Improving life on the line.
YEARS ago Britain was faced with the dreaded prospect of the 'Friday car' - a sad sack of a vehicle that was produced by jaded workers who would throw anything together before heading home for beer and blessed relief from the mindless monotony of the production line.
Happily the number of Friday cars we see these days are microscopic when compared with the 1970s and manufacturers are now acutely aware that a happy workforce makes better cars.
Ford was one of those car makers that took a lot of stick in decades past for Friday cars, so it is heartening to hear that in these enlightened years it is making a great deal of effort to improve life on the assembly line.
The latest thinking from Ford is the 'Happy Seat' - an advanced ergonomic workstation that swings in and out of vehicles to prevent workers having to kneel and contort to fit components.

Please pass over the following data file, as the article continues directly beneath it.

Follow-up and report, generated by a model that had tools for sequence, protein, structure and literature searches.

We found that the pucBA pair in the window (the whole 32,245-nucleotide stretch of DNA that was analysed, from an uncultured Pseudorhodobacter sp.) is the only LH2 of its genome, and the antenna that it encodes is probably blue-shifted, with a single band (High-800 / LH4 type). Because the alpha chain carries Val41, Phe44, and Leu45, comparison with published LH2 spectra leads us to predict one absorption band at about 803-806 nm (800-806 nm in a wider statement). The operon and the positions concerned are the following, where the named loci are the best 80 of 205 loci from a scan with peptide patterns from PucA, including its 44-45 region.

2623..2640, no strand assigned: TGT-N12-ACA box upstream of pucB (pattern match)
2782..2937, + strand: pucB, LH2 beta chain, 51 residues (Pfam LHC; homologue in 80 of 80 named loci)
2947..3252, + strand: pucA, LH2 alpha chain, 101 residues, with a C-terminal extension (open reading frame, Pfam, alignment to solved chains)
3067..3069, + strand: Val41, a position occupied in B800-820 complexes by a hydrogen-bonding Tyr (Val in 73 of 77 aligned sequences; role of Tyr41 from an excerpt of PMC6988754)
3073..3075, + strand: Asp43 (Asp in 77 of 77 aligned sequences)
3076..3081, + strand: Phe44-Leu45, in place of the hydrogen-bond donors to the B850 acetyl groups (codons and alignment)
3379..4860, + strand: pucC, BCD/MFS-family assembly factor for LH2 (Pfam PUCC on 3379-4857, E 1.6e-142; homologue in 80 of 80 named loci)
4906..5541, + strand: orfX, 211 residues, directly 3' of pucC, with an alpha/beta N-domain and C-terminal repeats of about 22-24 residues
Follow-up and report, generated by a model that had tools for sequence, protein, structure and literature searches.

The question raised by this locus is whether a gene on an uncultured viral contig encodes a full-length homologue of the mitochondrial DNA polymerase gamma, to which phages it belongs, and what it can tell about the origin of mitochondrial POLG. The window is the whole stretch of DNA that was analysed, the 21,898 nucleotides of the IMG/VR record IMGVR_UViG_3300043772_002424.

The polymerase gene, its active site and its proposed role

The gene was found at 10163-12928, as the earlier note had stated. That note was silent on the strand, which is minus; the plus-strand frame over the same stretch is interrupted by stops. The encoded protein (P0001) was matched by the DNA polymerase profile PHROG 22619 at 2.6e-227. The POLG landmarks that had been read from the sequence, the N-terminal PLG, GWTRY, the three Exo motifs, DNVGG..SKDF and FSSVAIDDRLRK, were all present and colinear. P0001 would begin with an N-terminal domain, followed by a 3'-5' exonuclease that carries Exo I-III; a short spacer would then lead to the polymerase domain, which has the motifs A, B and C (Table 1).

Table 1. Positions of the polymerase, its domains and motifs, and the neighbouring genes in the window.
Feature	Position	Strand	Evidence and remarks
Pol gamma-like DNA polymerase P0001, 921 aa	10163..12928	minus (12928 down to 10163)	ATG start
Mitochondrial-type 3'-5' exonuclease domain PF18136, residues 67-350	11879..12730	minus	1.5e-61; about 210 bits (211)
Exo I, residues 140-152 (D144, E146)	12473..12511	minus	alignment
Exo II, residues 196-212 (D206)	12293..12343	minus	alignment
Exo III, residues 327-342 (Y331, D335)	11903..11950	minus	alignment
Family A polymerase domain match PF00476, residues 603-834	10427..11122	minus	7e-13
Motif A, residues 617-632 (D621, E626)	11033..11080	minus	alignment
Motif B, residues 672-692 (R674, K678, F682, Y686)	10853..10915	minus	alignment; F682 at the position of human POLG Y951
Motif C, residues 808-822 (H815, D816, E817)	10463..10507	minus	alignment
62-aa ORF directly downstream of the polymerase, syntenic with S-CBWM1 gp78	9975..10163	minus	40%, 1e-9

It is an ingenious swivel chair attached to a rod-shaped suspension which enables workers to sit in comfort on the production line while assembling cars.
Improved ergonomics have become a critical factor in reducing chronic injuries and lowering health costs and to address issues such as an ageing workforce and the physical tolls of long-term working on the line.
Ford convened a team of occupational physicians, production specialists, labour groups and representatives for disabled employees to improve ergonomics, safety and productivity.
Will the Happy Seat finally kill the Friday car altogether? We hope so.
* SITTING PRETTY: The 'Happy Seat'
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|Publication:||Huddersfield Daily Examiner (Huddersfield, England)|
|Date:||May 13, 2011|
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